Self Employed Web

Biz Promotion – Step Right Up

Posted on Sunday, November 2nd, 2003 by

Cross-promotional wizardry: Chuck Rankin, owner, Chuck’s family restaurant

Promoting your business can be as tricky as launching one.
But our experts, including business consultants and entrepreneurs alike,
have strong words about how you can make your special promotions work. Here are six big ideas that shine.

On a drizzly November afternoon, more than 200 people are gathered at a New York video shop, awaiting the arrival of a local pro football star to celebrate the store’s grand opening. It’s easy to spot the owner among the crowd. He’s the one pacing the room, glancing at his watch every 15 seconds and muttering a stream of unprintable curses.

“He’s already an hour late,” says the owner, as the first potential customers begin to trickle out into the rain. “You’d think with all the money I’m paying this guy just to show up and sign some autographs, he could be on time!”

Another 30 minutes pass before the celebrity linebacker finally arrives, having been delayed in New York City traffic. But half the crowd has departed. Although the NFL star is gracious and accommodating with the fans, one look at the store owner tells you that he wishes he’d found an easier way to herald his grand opening.

“Celebrity promotions and endorsements can help attract traffic to a store,” says Gary Wright, a retail marketing consultant in Denver, Colo. “But they tend to work best when the celebrity is tied in some way to the product you’re selling. Otherwise, people are only coming to see the celebrity, not to buy from you.”

Bill Glazer, another retail sales consultant ( and owner of Gage Menswear, a small apparel chain in Baltimore, Md., agrees that celebrities can boost sales. But he cautions that these events require careful planning and, even with the most meticulous attention, are subject to the vagaries of weather and transportation. Moreover, adds Glazer, small-business owners often end up paying more than they can afford for big-name celebrities, when cheaper local talent such as radio deejays and TV weather forecasters are just as effective in building traffic.

The same can be said about all types of sales promotions, whether they’re special discount offers, contests, giveaways or Barnum-esque publicity stunts. Although they can help retain existing customers and lure new ones, they also can backfire in disastrous ways.

For those adventurous and fun-loving small-business owners inclined toward the unconventional, consider these tips for running successful promotions:

1 Treat special promotions and events as part of an ongoing, well-orchestrated marketing program. “This is the number-one mistake that small companies make,” says Glazer. “They assume that one or two marketing stunts a year are enough.” But they’re not. You can’t ignore the fundamentals of direct-response marketing—a compelling headline, a deadline to respond, testimonials and, most important, frequent messages. According to one major study of 1,000 retail consumers, on average, customers want to be contacted by their suppliers every 20 days. Every month that you ignore them, you lose 10 percent of your customer base.”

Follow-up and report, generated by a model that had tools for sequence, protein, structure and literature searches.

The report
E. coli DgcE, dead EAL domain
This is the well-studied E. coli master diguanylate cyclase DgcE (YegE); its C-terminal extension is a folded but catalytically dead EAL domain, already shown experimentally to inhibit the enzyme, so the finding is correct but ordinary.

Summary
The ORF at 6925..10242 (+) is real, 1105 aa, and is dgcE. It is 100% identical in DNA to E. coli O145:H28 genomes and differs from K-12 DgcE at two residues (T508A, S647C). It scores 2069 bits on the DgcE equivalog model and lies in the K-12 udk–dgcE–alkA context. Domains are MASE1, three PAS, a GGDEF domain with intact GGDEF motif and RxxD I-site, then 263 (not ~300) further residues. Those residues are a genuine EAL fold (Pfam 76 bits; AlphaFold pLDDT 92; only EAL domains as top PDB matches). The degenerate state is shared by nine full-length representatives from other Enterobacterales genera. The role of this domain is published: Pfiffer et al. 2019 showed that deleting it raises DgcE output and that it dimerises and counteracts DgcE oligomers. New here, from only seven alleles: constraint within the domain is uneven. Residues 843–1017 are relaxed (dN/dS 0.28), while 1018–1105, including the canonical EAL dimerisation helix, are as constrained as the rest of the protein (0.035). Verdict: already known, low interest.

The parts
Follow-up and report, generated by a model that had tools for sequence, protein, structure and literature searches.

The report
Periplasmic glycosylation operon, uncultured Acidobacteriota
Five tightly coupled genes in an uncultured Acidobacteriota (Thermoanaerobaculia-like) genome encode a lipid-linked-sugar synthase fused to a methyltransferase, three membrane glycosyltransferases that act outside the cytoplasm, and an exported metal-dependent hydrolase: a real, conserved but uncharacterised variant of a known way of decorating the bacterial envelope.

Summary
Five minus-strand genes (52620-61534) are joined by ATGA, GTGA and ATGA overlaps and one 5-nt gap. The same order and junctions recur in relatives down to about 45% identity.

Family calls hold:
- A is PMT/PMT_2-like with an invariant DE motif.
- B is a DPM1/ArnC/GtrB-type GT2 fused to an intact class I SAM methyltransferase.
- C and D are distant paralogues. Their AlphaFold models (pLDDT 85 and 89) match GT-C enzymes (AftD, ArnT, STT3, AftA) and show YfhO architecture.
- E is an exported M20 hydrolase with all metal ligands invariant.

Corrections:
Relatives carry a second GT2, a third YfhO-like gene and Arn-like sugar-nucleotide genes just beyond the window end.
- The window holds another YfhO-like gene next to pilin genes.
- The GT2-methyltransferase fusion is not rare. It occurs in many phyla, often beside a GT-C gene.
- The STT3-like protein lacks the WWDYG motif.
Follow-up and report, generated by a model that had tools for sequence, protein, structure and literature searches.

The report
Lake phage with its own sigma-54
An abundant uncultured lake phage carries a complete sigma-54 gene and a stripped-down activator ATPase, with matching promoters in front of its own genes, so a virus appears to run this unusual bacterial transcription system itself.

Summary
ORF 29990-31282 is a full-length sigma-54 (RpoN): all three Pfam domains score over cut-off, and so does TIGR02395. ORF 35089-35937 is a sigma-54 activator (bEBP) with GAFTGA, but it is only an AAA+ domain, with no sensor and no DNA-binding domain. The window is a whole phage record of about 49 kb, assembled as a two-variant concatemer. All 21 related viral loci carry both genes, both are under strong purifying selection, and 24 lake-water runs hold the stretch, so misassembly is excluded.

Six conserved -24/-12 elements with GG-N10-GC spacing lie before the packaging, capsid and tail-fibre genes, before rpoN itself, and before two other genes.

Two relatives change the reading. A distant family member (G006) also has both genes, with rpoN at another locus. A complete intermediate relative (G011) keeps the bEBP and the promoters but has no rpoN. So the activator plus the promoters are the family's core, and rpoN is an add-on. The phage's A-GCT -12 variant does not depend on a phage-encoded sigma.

2 Collect information about your customers and create a comprehensive customer database. Reason: It’s much easier to keep customers than develop new ones. “Wherever you have a contact point with the customer, collect information,” says Randy Lisciarelli of Vera Pax, a direct mail/Internet marketing firm. “Too many small companies don’t bother capturing customer data and instead depend on rented lists, which don’t work at all. ‘Retention marketing’—building a campaign around an existing customer database—yields the best returns for smaller firms without big marketing budgets and name brands.”*


“We look for any opportunities to keep our card near the top of [our customers’] Rolodex.” — Kent Hodder,owner of Met/Hodder in Minneapolis

David Frey, author of The Small Business Marketing Bible, says a simple way to start is by co-sponsoring free monthly lunch giveaways with restaurants in your area. To enter the contest, all restaurant patrons need to do is toss their business cards into a jar. One small business-to-business supplier that ran such a promotion with seven local eateries got an average of 350 to 400 business cards a day and ultimately wound up accumulating a database of thousands of potential customers.

Remember, timing is everything. Jan Huffman and her husband Vance, the former owners of Strasburg Pharmacy & Gift Shop in Strasburg, Ohio, ran an inventory liquidation sale between Thanksgiving and mid-January, which coincided with the national shopping season. Their promotional efforts included lots of giveaways (a big-screen TV was the grand prize), in-store scavenger hunts and special discounts. They sold their entire stock and actually generated a healthy profit on the inventory. “We would have been happy with a 75 or 80 percent sell-through,” Jan says. Moreover, the liquidation sale brought in a slew of new customers for the new store owner, Mike Dennis. Jan Huffman, who is now an employee of the store, says she and Dennis took extra pains to capture as much data as possible on all those new shoppers.

4 Partner with other local firms. Chuck Rankin, the owner of eight Chuck’s family restaurants in the Dallas/Fort Worth, Texas, area, is a big believer in partnering. He partners to defray the rising cost of marketing and to leverage another company’s brand identity. Recently, Chuck’s hooked up with the Blue Bell ice cream company to create “Blue Extreme,” a blue confection with a vanilla flavor.